Elder Tucker's Drift: The Trial of the French Mission, Part One
Missionaries, who respond ebulliently to success, are equally disheartened by failure. Morale was low. Discouraged seniors would at times ditch their junior companions and go to movies or other diversions. In some cases, missionaries diverted their attention from preaching to romancing. Other missionaries simply lay in bed late, neglected their work, and were generally frivolous, light-minded, and unspiritual. When word spread that missionaries in Marseille were fasting, praying, prophesying, and baptizing, the aspirations of others began to revive.
The key word in Marseille was "preparation," and missionaries there pursued preparation to an extreme unseen elsewhere in the mission. While the mission standard was to proselytize forty-five hours a week and to study eight to ten hours, the Marseille elders were studying sixty to seventy hours and proselytizing six to eight hours. In their preaching and discussion, they sought to emulate a style, attributed to early Church missionaries, of more decisive and visionary discourse. The approach appeared to be effective. Attendance at Church meetings rose dramatically, and more baptisms were registered in Marseille than elsewhere in the mission. Meanwhile a new mission president, Milton Christensen, had arrived in France in November 1957. Before departing, President Lee recommended Tucker to Christensen as a prospective counselor.
Ironically, while trying to convert others, Tucker continued to stray from his own conversion. Even prior to his mission, he had concluded that the Church had erred in abolishing polygamy. At some point he developed aberrant views regarding priesthood authority, the guidance of the spirit, the temple garment, and the Word of Wisdom.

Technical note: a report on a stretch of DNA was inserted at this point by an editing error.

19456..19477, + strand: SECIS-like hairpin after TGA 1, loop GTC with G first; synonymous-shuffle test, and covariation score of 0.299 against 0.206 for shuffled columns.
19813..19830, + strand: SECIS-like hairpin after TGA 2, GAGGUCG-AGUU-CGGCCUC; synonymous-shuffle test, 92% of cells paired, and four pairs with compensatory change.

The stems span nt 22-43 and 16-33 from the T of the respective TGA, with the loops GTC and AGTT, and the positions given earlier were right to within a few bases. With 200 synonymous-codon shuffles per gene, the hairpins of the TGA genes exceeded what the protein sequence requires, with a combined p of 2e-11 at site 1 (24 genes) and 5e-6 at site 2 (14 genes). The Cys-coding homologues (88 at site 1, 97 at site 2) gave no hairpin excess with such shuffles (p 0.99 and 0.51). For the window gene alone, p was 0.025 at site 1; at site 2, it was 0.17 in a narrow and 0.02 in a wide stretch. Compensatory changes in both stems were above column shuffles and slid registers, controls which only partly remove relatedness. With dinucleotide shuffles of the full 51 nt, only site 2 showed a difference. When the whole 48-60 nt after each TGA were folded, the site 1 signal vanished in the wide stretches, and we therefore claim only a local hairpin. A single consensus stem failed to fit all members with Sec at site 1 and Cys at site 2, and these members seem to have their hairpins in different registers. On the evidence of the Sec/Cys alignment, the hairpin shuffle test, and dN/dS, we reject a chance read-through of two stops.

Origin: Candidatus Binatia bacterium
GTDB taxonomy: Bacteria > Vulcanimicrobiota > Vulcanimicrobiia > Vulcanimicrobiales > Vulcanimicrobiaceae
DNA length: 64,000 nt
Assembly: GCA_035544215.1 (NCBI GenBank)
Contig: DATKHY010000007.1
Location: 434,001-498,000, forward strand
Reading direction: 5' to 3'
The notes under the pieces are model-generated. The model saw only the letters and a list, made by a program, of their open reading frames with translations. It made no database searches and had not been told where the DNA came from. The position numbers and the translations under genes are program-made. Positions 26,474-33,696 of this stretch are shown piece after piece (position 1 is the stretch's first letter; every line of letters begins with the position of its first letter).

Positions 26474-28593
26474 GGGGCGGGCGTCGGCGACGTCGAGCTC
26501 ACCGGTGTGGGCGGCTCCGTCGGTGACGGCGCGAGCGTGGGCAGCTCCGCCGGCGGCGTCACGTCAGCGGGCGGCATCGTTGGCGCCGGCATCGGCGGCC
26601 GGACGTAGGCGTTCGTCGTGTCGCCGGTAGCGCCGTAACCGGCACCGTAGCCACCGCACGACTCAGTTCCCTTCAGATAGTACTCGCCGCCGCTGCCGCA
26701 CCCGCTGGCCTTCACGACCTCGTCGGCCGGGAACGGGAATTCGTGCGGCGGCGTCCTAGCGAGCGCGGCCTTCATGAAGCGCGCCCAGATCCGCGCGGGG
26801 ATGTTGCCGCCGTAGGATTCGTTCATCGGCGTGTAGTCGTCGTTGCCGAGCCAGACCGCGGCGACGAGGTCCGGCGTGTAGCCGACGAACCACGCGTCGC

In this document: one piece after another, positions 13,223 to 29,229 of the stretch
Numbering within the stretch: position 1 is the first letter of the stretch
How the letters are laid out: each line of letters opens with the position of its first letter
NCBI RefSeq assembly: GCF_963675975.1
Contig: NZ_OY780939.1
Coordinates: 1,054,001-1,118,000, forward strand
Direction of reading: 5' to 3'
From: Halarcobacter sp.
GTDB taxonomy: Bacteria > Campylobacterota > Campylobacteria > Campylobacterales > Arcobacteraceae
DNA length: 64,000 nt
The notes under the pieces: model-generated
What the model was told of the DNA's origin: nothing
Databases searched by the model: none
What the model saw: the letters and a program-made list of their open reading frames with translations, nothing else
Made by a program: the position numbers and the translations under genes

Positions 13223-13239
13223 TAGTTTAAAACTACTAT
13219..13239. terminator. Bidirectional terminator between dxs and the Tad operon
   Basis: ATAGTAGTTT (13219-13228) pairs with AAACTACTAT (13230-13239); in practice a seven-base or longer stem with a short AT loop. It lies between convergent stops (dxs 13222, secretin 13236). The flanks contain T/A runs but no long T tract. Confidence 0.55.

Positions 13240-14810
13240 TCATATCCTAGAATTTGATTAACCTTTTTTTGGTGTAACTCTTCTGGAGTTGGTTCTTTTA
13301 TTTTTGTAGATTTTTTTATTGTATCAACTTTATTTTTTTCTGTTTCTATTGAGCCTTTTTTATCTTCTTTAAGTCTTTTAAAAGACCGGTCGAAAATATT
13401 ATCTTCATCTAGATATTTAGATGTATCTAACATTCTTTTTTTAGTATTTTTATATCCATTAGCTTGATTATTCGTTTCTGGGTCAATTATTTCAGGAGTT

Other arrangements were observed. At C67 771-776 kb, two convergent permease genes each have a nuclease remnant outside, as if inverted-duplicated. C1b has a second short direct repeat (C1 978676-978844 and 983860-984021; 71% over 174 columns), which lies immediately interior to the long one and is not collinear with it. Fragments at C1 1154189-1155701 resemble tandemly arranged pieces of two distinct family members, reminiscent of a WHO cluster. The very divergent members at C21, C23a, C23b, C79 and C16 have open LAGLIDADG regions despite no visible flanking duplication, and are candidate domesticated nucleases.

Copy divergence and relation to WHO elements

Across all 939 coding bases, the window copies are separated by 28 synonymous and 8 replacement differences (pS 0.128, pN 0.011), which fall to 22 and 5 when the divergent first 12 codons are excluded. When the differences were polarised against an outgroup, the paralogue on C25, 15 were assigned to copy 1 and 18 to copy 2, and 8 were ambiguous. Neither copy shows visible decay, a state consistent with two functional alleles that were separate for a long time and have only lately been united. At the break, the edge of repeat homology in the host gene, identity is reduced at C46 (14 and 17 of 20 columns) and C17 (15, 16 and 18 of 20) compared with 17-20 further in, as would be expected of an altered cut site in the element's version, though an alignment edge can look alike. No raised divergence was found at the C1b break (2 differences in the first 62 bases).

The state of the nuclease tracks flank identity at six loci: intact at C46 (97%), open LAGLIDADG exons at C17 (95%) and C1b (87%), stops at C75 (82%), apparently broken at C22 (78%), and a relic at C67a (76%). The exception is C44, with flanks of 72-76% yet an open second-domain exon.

Tucker's Marseille companion, David Shore, proved to be a fellow traveler in many of these beliefs, including the necessity of practicing polygamy. He and Shore sustained their mutual discord through correspondence. After Tucker was transferred to work in Herstal, Belgium, in October 1957, Tucker's companion in Herstal, Ron Peterson, remembers that Tucker would rave about "epistles" from Shore, calling them "spiritually colossal." Shore left the mission in January 1958, promising to send Tucker any literature he could find that was consonant with their beliefs.
Tucker's reputation continued to blossom in Herstal. He reinvigorated the branch, attendance rising dramatically as it had done in Marseille. Others spoke of him as "setting the French mission on fire," and his claim that he received revelation to guide his work rapidly became the talk of the mission. It was at this juncture in February 1958, sixteen months into his mission, that Mission President Milton Christensen called him to serve as his second counselor. The president commented in the mission journal, 6 February 1958, "The Lord truly blessed me in the selection of This Elder, who is very strong in the Gospel and who is loved by all the missionaries. I feel that together we will be able to accomplish a great deal in the French Mission."
Prospects for mission success never seemed better than in 1958. In the spring, French language editions of the Doctrine and Covenants and the Pearl of Great Price were published. Word spread throughout the mission that the nighttime of the French Mission was over. New hope and enthusiasm was matched by an upsurge in converts presaging the possibility of more than 200 baptisms within the year, twice the number than in any previous year since the organization of the mission.